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Growing Mushrooms for Beginners

Growing Mushrooms for Beginners

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Mushrooms are a popular food across the globe. They come in a wide variety, and there’s a mushroom for just about every meal. You can go to the gourmet grocery store and find a whole variety of mushrooms. And, if you’re more adventurous, you could try foraging for wild mushrooms. But if you want the best mushrooms, consider growing some for yourself.  Growing mushrooms for beginners is surprisingly easy, even for dummies.

While the process does present challenges, there’s no reason you can’t have a nice little farm, full of your favorite mushrooms. This beginner’s guide has everything you need to get started.

Pick Your Poison . . . Or Food

If you’re going to grow mushrooms to eat, the very first decision is picking which ones you want to grow. If you’re undecided, here’s a short list of commonly cultivated  mushrooms to get your wheels turning:

  • Cremini
  • Morel
  • Shiitake
  • Oyster
  • Lion’s Mane
  • Enoki
  • Button
  • Portobello

We recommend, however, that you can start with oyster mushrooms. You can make many delicious dishes with them. More importantly, they’re the easiest mushroom to grow.

Think of them as the cactus of the mushroom world. They’re hardy, easy to get started and they don’t need a whole lot of maintenance.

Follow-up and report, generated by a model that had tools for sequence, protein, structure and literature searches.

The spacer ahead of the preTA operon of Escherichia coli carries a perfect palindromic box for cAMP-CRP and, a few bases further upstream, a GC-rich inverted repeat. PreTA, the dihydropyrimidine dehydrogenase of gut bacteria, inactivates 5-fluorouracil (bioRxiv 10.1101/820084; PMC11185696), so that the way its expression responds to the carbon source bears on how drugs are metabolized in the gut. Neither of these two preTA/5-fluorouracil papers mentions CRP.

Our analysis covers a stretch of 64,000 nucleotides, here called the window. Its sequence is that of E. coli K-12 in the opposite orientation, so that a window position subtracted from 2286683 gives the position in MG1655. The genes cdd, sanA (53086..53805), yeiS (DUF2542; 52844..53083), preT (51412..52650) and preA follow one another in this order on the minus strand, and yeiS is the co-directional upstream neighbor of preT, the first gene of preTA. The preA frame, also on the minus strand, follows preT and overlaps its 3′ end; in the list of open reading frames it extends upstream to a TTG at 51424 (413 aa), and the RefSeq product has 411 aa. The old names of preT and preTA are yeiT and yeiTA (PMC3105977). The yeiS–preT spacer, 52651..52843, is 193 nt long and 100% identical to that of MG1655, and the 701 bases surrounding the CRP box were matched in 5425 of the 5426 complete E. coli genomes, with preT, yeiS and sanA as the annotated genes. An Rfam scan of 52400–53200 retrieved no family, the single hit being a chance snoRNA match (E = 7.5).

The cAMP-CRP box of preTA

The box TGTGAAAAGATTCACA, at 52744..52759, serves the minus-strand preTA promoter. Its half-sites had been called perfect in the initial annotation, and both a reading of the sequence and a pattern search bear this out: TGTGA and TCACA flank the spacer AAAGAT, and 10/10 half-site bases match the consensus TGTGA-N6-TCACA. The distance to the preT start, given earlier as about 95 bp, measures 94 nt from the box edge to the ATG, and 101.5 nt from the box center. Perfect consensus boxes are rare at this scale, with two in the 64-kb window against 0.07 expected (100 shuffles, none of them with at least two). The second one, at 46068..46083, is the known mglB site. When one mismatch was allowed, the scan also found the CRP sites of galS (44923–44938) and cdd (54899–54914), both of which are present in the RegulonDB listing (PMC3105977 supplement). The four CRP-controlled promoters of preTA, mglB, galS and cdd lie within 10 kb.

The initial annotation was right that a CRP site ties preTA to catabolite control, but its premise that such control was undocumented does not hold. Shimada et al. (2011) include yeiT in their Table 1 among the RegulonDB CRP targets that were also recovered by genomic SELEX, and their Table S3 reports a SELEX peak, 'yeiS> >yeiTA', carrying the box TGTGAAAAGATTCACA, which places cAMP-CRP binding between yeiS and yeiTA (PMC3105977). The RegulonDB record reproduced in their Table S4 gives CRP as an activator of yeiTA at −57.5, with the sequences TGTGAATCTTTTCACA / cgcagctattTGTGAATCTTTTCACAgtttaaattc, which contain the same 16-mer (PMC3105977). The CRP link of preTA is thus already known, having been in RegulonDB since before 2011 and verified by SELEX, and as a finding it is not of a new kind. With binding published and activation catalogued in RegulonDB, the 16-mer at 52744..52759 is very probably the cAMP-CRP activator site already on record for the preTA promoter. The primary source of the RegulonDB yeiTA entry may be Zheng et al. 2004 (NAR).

As we go through the steps of growing mushrooms in this guide, we’ll be assuming that you picked Oysters, and will show you the entire process of how to grow oyster mushrooms.

Now the best way to get started is with an oyster mushroom grow kit.  They will come with everything that you need.  We recommend some of the best ones toward the end of this article.

But here’s an overview of the process.  Take a look through it so that you understand it when your kit arrives.

It Starts with Spawn

Anything you grow must come from something. Chickens come from eggs.  Plants come from seeds. Mushrooms? Well, their creation involves spores.  Growing mushrooms directly from spores can be complicated, so the typical starting point for home growers is mushroom spawn. We can think of spawn as a sapling plant versus a seed.  A sapling is easier to grow than a raw seed, and spawn is easier to work with than spores.

Mushroom spawn, however, looks nothing like a sapling.  Mushroom spawn looks a lot more like discolored mold (which is also a fungus). The spawn will sprout into the more familiar forms in time, and you’ll be able to harvest and eat them at your pleasure.  Acquiring spawn isn’t difficult. You can buy it from retailers. If you don’t have a mushroom emporium down the street, you can order your spawn online. It’s a reliable process, and it’s not expensive.

If you’re feeling hardcore, you can start from spore instead of spawn. But remember, the spore requires more care to cultivate into a mushroom harvest than if you start from spawn.  Also, the spore is difficult to ship, so you’re better off learning how to extract it yourself from live, mature mushrooms. Fully extracting and cultivating spores is beyond the scope of this guide, but soon we will post our guide to growing mushrooms from spores.

Picking the Substrate

Once you have chosen your spawn, it’s time to pick a mushroom substrate. You can think of the substrate as the soil for your mushroom plant. It is the fertile substance in which the mushroom will grow.